On a fine Friday evening in November, the UL bravely set off, equipped only with beer, pasties and a hand-drawn map of Bristol, to the SUA competition. Organised only days beforehand, we were surprised to have a map at all but thankfully it was accurate enough to get us to the first pub, having arrived, in the finest traditions of the Society, late enough to avoid any ringing. After several drinks, leaving the Poodle quite incapacitated, we were led back to the hall, which turned out to be locked.
Thankfully, we managed to get inside and, after enjoying the tricycles and other toys which were apparently left there for the children’s group that used it, decided we needed some sleep before the ringing the next day.
And so, with various degrees of enthusiasm, the SUA awoke to the sight of industrial amounts of toast, bacon and orange juice. After consuming what our stomachs would let us, we made our way into the centre of town towards St Mary Redcliffe, stopping only to find Peter’s toothbrush on a set of steps. The ringing on the part of the UL was at least as good as their competition showing, so we left quickly and went towards the tower where the 8-bell competition was being held. Arriving early, both of our teams (neither of them eligible) got to ring early in the order leaving us more time to return to the Wetherspoon’s that we had spent so much time in the night before.
After a half hour wait, we managed to order some beer and food, and mentally prepare for the 6-bell competition in the afternoon. This mainly involved drinking and in one case ripping open trousers jumping a fence, but we arrived for the 6-bell competition optimistic about our chances to win. We entered three teams and once they’d all finished we adjourned to a local pub and then got lost trying to find the next tower, opting instead to again adjourn to a different pub, where we met some NUA people who were apparently gatecrashing. Thankfully, we had chosen the pub that the scores were being announced in so we were happily drinking when the rest of the ringers arrived. With bated breath the scores were read out, and London was read first every time, putting us in a convincing last place in every competition.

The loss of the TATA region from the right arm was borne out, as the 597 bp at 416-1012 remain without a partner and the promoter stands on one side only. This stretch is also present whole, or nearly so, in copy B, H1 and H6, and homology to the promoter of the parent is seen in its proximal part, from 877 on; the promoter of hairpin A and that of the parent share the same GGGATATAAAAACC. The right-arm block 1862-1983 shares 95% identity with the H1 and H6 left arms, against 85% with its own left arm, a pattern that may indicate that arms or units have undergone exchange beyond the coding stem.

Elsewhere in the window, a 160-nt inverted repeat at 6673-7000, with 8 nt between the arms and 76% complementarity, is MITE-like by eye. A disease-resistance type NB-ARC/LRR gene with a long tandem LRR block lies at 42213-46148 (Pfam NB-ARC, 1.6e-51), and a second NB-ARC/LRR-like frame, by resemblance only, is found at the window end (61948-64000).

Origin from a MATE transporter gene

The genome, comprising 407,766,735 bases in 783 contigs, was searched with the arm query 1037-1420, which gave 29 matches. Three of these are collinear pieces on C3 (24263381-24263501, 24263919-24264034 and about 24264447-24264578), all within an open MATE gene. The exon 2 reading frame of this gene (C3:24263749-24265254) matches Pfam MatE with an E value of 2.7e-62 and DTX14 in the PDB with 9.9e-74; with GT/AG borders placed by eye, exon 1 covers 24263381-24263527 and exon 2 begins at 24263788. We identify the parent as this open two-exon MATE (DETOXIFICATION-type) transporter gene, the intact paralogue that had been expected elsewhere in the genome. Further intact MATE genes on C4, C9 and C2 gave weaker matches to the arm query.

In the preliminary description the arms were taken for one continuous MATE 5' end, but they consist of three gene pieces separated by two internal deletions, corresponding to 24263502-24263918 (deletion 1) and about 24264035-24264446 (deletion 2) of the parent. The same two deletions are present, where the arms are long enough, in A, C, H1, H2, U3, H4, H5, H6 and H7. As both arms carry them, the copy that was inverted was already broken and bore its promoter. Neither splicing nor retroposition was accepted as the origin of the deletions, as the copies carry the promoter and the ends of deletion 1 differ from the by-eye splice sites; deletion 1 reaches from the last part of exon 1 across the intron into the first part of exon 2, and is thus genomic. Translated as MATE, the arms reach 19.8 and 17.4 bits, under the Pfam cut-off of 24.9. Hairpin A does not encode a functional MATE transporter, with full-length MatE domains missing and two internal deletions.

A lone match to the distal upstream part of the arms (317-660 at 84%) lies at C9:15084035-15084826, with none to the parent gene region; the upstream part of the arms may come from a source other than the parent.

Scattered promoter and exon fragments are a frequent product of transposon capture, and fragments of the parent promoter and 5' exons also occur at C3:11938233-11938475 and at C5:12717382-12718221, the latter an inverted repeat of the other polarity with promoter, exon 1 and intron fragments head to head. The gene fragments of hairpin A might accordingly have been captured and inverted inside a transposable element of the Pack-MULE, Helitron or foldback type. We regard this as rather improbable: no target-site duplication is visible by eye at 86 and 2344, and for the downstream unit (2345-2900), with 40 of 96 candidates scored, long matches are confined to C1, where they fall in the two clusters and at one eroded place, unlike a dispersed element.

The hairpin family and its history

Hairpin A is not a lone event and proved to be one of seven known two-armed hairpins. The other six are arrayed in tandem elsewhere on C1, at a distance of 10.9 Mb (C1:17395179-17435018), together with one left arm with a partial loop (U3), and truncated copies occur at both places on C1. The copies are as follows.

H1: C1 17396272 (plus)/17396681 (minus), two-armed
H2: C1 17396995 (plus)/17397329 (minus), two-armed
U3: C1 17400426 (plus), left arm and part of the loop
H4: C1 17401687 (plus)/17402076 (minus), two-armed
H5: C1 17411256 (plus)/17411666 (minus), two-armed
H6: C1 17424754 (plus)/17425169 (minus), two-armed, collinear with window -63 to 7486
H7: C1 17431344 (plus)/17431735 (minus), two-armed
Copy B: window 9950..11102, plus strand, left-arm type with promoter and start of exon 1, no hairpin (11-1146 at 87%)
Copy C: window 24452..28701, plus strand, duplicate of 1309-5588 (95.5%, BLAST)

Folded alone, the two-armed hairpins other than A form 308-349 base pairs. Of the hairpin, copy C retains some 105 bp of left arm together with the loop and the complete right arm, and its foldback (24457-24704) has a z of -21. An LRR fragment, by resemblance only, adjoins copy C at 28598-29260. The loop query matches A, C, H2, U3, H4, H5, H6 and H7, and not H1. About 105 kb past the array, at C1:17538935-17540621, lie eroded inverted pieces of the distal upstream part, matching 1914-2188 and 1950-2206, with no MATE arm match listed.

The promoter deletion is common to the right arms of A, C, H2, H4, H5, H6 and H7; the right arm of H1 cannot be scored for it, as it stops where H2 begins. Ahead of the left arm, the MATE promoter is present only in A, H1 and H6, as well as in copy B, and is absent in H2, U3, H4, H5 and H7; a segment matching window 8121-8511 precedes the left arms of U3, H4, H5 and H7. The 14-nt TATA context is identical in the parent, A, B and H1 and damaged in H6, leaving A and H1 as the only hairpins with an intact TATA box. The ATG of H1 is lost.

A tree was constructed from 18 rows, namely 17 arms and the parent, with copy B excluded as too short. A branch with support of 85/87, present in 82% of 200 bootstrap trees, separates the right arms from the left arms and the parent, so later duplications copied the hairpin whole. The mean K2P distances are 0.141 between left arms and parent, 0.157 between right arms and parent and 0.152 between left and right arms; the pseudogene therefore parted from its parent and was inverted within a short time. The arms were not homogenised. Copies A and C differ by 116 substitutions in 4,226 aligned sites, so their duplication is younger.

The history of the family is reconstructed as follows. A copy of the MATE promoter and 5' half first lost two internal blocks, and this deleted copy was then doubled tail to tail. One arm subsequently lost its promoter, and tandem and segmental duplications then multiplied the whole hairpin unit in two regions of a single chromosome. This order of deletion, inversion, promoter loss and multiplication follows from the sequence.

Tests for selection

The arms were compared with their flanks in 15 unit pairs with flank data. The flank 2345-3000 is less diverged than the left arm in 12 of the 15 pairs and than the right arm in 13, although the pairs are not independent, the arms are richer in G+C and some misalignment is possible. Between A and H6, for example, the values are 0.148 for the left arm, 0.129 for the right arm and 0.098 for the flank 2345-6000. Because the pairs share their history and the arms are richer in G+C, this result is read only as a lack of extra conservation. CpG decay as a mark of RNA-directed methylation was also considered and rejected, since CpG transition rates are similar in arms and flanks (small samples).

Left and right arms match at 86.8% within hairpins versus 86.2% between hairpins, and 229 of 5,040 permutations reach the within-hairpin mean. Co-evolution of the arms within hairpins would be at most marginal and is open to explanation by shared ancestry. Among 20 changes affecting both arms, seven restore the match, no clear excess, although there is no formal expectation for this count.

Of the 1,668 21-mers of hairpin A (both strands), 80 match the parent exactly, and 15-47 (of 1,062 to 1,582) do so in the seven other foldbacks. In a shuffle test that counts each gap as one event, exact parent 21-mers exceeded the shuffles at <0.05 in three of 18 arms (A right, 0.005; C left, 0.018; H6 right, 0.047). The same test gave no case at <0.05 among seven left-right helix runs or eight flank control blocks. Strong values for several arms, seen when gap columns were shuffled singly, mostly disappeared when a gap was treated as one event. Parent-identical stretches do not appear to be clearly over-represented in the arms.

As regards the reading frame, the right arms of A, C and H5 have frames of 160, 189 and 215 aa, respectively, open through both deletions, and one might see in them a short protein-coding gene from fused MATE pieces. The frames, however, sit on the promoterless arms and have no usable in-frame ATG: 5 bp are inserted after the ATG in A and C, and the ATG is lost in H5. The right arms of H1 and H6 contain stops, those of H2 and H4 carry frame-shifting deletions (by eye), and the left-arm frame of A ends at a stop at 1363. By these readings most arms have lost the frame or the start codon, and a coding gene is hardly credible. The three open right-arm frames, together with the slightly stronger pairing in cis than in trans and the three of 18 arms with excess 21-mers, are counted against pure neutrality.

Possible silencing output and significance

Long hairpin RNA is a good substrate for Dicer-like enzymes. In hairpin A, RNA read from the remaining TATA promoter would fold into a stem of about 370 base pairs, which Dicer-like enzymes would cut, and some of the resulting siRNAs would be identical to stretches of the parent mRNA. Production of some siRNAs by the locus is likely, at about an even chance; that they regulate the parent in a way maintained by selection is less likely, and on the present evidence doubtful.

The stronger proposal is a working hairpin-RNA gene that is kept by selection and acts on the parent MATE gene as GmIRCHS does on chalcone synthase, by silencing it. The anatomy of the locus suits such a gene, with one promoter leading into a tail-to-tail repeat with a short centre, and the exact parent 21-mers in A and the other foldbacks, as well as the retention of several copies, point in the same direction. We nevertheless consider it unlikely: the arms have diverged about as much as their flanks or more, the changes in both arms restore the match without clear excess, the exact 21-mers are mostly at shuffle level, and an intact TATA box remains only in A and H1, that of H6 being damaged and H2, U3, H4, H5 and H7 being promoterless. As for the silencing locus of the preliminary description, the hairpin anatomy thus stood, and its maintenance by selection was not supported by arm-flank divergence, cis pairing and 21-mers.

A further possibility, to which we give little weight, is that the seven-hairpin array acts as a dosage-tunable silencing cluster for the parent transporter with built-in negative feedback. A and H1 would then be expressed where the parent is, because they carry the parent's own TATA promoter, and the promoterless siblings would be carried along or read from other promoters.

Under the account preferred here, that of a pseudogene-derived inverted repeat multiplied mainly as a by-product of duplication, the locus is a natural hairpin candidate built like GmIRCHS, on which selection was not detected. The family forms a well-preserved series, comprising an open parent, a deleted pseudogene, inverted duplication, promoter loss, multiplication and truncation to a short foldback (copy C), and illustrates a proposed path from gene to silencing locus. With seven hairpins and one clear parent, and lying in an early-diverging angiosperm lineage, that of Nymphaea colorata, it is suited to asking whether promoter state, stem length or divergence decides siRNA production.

Not wanting to let that dampen our spirits, we continued with a long argument about poker and then some more drinking and then moved onto a hall where the barn dance was taking place. Amid much drinking and falling over, the UL showed that while it might not be able to beat the other universities at ringing, we could certainly give them a run for their money on the dancing. Exhausted, we eventually made it back to the hall to play truth or dare and ‘ring’ with half-full bottles tuned to different notes.
The next morning, the Bristol master showed us how a real SUA does drinking by swigging from a bottle of Tesco cider while running Sunday morning ringing.
This was followed by breakfast near Redcliffe, and drinking the bar dry within minutes of it opening, before moving on to St Thomas to ring on Bristol’s ‘comedy’ eight. Possibly the worst bells the UL have rung on in some time, these bells dropped at every single stroke so the ringing turned into more of a firing session, with the UL bravely leading the way. And so, finally, we found the station, waited in a pub for the train to arrive, and made it back to London, not victorious, but having had a very good weekend. Roll on Southampton next year!
By Nick Hartley